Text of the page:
1. Immunization

  2. What’s the story?

    The increase in child life expectancy over time is largely due to decreases in mortality due to  infectious diseases through the administration of vaccines. Early childhood immunization has been proven to be a safe and cost-effective means of controlling vaccine-preventable diseases.  In the last 50 years, vaccinations have led to a 95% decrease in vaccine-preventable diseases. According to the 2016 National Immunization Survey (NIS), New Jersey's immunization coverage rates for children 19-35 months of age for the 4:3:1:4:3:1:4 primary series are similar to the national average.

  3. By the Numbers

    According to the 2016 National Immunization Survey (NIS), the estimated vaccination coverage among NJ children 19-35 months of age for the following vaccines are as follows:

    • Hepatitis B birth dose (66.7%)
    • 4+ doses DTaP (87.0%)
    • 4+ doses PCV (80.9%)
    • Primary series 4:3:1:4:3:1:4 (70.2%)


    The primary series consists of 4 or more doses of diphtheria, tetanus, and acellular pertussis (DTaP); 3 or more doses of polio (Polio); 1 or more doses of measles, mumps, and rubella (MMR); 3 or 4 doses (depending on vaccine type) of Haemophilus influenzae type b (Hib); 3 or more doses of hepatitis B (Hep B); 1 or more doses of varicella (Var); and 4 or more doses of pneumococcal conjugate vaccine (PCV).

  4. Our Strategy

    The DOH strives to increase vaccination coverage rates among children ages 19 through 35 months by 2020 to 75% for Hep B birth dose, 95% for 4+ doses DTaP, 90% for 4+ doses PCV, and 80% for 4:3:1:4:3:1:4 primary series. To do this, DOH has been collaborating with numerous stakeholders through a statewide coalition to promote age appropriate immunizations, as well as working with birthing hospitals to develop and update policies and procedures regarding the administration of the HBV birth dose. In addition, educational efforts continue to be directed toward healthcare providers, the public, and school officials to highlight the importance of timely, age-appropriate vaccination to protect the health of the individual and communities.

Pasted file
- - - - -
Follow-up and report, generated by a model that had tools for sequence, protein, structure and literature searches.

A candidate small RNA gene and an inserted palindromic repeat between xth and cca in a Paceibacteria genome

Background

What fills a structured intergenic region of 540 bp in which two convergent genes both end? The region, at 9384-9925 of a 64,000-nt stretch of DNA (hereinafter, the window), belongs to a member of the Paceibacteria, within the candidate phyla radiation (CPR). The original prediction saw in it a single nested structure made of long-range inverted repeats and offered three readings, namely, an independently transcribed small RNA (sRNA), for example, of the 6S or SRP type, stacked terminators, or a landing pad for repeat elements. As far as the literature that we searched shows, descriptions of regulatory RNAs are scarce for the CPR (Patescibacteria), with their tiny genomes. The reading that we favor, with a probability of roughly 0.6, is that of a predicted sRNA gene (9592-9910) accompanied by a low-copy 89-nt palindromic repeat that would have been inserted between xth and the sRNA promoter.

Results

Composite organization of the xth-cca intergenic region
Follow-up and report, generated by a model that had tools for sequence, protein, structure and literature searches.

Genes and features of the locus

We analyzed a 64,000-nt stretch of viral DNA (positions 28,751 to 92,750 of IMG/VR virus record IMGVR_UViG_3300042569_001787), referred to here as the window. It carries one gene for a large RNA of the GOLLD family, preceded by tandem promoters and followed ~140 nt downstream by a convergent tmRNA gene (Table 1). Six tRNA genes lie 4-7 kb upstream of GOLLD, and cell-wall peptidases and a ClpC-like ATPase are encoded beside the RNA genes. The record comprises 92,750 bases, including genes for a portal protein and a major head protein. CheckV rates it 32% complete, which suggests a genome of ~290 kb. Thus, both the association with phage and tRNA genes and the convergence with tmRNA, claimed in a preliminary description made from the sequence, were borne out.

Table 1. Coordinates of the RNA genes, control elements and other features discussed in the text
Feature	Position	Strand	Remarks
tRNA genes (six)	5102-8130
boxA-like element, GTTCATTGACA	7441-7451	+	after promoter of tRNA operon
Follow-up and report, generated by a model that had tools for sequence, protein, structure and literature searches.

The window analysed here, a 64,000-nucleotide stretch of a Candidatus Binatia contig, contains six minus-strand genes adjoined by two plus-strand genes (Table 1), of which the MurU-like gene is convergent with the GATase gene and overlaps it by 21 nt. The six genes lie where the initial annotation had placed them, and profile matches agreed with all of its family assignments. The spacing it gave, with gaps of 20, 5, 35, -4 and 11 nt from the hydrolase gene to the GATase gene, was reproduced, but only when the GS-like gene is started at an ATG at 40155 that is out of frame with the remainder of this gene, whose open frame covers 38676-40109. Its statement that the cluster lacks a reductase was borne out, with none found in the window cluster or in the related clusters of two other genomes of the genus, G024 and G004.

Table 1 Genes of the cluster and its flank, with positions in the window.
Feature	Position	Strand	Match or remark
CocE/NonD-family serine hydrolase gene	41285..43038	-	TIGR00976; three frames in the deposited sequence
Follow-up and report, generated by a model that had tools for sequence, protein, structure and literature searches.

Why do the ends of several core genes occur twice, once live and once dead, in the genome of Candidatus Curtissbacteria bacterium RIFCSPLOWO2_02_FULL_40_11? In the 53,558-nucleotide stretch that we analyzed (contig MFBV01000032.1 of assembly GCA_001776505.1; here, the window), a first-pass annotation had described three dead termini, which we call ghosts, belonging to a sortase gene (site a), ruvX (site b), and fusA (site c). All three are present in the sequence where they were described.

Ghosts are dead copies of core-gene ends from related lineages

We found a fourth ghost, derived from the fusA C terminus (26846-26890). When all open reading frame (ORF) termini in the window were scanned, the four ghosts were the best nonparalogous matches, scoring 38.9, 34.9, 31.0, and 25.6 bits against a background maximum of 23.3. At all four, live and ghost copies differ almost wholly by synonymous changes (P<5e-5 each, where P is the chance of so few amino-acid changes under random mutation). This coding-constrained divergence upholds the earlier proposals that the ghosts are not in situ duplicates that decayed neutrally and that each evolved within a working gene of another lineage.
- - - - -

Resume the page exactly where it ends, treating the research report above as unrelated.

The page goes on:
The DOH has developed and maintains the NJ Immunization Information System (NJIIS), the State's official web-based immunization registry designed to store immunization information for infants, children, adolescents, and adults for a lifetime. NJIIS assists public health agencies with population assessments in the event of a preventable disease outbreak and helps communities assess their immunization coverage and identify pockets of need. In addition, the DOH promotes the Vaccines for Children Program (VFC) which was created to meet the vaccination needs of children from birth through 18 years of age. Patients eligible to receive VFC vaccines are children who are American Indian or Alaskan Native, enrolled in Medicaid or Medicaid Managed Care, enrolled in NJ Family Care (Plan A only), or are underinsured.

  5. Did you know?

    To summarize the impact of the U.S. immunization program on the health of all children who were born during a 20 year period from 1994 - 2013, CDC used information from NIS and a previously published cost-benefit model to estimate illnesses, hospitalizations, and premature deaths prevented and costs saved by routine childhood vaccination. Coverage for many childhood vaccine series was near or above 90% for much of the period. Modeling estimated that, among children born during 1994- 2013, vaccination will prevent an estimated 322 million illnesses, 21 million hospitalizations, and 732,000 deaths over the course of their lifetimes, at a net savings of $295 billion in direct costs and $1.38 trillion in total societal costs.

  6. To Learn More


Progress Toward Goal

* Rate per 100,000 population

Only one year of data currently available

Exceeding Goal
At/Making progress toward Goal
Making less progress toward Goal than expected
Not progressing toward Goal
Negative progression toward Goal

Last Reviewed: 5/9/2018